Friday, 25 April 2014

Virginia Woolf: A Critical Memoir, by Winifred Holtby

Virginia Woolf: A Critical Memoir 

by Winifred Holtby

Published by Continuum International

Winifred Holtby, although herself a successful novelist, was very afraid of Virginia Woolf.  So much so that when she began to write her memoir she talked to everyone but Virginia, until she received a royal command to appear at Hogarth House to take tea.  Holtby was right to be nervous. Virginia Woolf’s first impressions of her were typically caustic;  ‘a Yorkshire farmer's daughter, rather uncouth, and shapeless’.  In a letter to a friend Woolf called her ‘an amiable donkey’. But if Woolf had ever troubled to read what Holtby wrote, she might have been very surprised indeed at the way her contemporary had understood what she was trying to achieve in her novels, as well as the contradictions of her character.

Winifred Holtby
The book is constructed as a series of essays on various aspects of Virginia Woolf’s character and writing. Written by a clever novelist, they are light and easy to read. The first, called ‘The Advantages of being Virginia Stephen’, focusses on Woolf’s birth and upbringing.  Winifred Holtby quotes the portrait of Katherine Hilbery in Night and Day, drawn from Woolf’s own childhood as the daughter of an eminent scholar and critic living at the heart of literary society.  ‘Again and again she was brought down into the drawing room to receive the blessing of some awful distinguished old man who sat apart, all gathered together and clutching a stick’.

Woolf  lived her life at the centre of the literary hub - Robert Browning, Matthew Arnold and John Ruskin were among the formidable old men who sat in the parlour. Later she was a contemporary of TS Eliot, Katherine Mansfield, James Joyce, DH Lawrence, EM Forster and Lytton Strachey - the Bloomsberries, as Mansfield called them.  For Woolf, literary legends were people you met at dinner alongside Cabinet Ministers, judges and titled aristocrats.  It was a world apart, but it was also an education - as Holtby says, Woolf ‘lived among people before whom the whole range of European literature is spread like a familiar map’.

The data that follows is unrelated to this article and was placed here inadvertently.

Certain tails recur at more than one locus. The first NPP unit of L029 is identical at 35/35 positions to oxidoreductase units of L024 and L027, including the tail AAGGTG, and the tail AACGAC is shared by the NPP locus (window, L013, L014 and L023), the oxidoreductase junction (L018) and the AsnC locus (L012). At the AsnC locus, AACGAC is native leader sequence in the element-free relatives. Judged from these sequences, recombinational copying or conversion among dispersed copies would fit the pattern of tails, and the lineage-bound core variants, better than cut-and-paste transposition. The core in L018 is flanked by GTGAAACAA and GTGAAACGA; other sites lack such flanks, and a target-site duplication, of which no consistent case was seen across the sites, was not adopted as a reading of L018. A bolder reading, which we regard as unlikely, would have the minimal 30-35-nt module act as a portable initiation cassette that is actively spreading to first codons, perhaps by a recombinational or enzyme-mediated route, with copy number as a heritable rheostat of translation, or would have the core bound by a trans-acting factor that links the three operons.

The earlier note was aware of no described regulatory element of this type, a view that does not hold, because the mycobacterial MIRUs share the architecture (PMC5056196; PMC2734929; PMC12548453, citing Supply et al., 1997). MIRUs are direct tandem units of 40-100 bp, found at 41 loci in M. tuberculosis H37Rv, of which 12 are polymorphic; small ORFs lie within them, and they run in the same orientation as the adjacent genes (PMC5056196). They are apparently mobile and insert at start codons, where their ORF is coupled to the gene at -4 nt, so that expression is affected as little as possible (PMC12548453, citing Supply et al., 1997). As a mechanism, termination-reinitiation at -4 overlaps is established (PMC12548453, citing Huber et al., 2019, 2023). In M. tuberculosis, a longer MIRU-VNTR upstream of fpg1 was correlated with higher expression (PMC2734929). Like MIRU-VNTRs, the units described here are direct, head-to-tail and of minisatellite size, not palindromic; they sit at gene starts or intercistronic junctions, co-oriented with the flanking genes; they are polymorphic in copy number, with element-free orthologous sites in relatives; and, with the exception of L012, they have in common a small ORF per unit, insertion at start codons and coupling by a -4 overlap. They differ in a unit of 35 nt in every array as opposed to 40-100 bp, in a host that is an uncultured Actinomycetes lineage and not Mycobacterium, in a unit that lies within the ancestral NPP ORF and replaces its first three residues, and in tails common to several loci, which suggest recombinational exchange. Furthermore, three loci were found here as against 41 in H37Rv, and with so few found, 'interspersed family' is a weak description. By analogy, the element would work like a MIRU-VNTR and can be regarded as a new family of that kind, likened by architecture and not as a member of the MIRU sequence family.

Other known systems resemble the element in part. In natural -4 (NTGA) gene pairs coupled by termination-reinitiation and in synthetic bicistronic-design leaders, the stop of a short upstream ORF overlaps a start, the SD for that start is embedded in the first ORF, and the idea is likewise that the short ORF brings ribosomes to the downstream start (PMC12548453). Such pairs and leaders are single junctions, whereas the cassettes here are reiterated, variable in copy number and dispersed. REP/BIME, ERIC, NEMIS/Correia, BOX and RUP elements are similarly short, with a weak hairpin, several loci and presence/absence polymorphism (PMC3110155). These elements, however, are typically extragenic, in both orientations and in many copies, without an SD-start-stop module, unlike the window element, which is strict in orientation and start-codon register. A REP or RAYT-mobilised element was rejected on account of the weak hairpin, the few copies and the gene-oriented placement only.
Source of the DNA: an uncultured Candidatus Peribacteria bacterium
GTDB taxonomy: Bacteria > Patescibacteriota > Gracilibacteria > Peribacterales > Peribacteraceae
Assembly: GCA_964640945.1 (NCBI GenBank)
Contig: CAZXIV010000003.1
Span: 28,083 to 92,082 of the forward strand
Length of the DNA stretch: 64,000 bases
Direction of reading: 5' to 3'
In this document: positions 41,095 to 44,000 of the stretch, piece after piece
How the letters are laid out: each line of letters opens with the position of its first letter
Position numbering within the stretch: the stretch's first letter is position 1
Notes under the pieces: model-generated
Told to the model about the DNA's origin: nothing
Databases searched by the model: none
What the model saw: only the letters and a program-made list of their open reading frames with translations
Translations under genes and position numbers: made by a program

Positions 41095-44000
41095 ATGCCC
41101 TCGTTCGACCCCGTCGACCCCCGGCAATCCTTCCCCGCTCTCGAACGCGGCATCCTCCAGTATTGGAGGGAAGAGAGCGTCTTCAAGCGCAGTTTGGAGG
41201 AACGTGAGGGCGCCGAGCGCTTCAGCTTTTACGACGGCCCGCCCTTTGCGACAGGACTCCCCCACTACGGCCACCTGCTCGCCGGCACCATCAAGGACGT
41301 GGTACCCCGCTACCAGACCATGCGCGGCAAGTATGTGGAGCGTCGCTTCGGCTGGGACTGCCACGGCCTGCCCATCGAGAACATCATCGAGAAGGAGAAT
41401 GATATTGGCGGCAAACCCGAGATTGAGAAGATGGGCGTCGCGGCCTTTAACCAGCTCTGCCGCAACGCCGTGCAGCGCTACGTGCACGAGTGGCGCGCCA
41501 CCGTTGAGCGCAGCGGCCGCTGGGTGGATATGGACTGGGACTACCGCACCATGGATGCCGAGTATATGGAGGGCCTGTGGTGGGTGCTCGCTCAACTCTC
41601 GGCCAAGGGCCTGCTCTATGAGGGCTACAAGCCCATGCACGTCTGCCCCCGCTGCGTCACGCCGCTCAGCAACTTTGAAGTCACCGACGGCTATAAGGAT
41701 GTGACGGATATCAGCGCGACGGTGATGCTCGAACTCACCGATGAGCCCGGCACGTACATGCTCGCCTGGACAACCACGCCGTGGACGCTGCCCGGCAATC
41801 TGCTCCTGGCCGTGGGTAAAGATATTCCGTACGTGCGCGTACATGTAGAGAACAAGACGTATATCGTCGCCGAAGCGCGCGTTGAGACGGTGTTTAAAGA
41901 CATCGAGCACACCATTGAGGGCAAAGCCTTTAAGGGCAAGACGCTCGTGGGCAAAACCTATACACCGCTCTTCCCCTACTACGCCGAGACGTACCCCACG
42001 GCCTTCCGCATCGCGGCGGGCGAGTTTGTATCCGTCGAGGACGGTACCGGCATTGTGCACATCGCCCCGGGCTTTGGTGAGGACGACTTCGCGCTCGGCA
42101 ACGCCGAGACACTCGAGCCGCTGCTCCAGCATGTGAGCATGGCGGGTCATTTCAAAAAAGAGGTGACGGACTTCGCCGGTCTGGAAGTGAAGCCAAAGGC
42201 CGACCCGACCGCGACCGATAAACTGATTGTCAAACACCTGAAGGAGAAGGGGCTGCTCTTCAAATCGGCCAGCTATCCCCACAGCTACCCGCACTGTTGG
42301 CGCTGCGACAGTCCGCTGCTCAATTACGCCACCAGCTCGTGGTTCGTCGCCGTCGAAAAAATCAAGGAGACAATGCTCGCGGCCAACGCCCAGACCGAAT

Virginia Woolf
The fact that Woolf didn’t have a conventional education (she was home-schooled) and allowed free run of her father’s library, shaped her future as a writer and critic.  Holtby, for once, gives Woolf’s critical writing equal status with her fiction.  For Woolf theory and practice were closely tied together; more people have read A Room of One’s Own than have read To the Lighthouse or The Waves, and her critical essays - Three Guineas, Letter to a Young Poet, Mr Bennett and Mrs Brown, have had considerable influence on her successors and are still relevant.

But Holtby, writing in 1931, is quick to point out their underlying prejudices - ‘Every second Englishman reads French’, was a ridiculous thing to say, at a time when only 15% of the English were educated beyond the age of 14.  Woolf  didn’t understand the uneducated.  Whenever she tries to draw a working class character, Holtby writes, ‘she loses her way. They are more foreign to her than princes were to Jane Austen.’

Holtby also writes about Woolf’s complex relationship with suffragism.  Many women involved in the Suffrage movement were her friends.  They appear in her novels and their ideals are expressed in Woolf’s non-fiction. Characters like Orlando in the novel of the same name change gender, revealing prejudice and hypocrisy.  In A Room of One’s Own, Woolf  coined the expression ‘reflecting men at twice their normal size’.  But she did not take part in the campaign herself and, in most of her essays and reviews, she uses the male pronoun as convention demanded. The artist/writer is always ‘he’.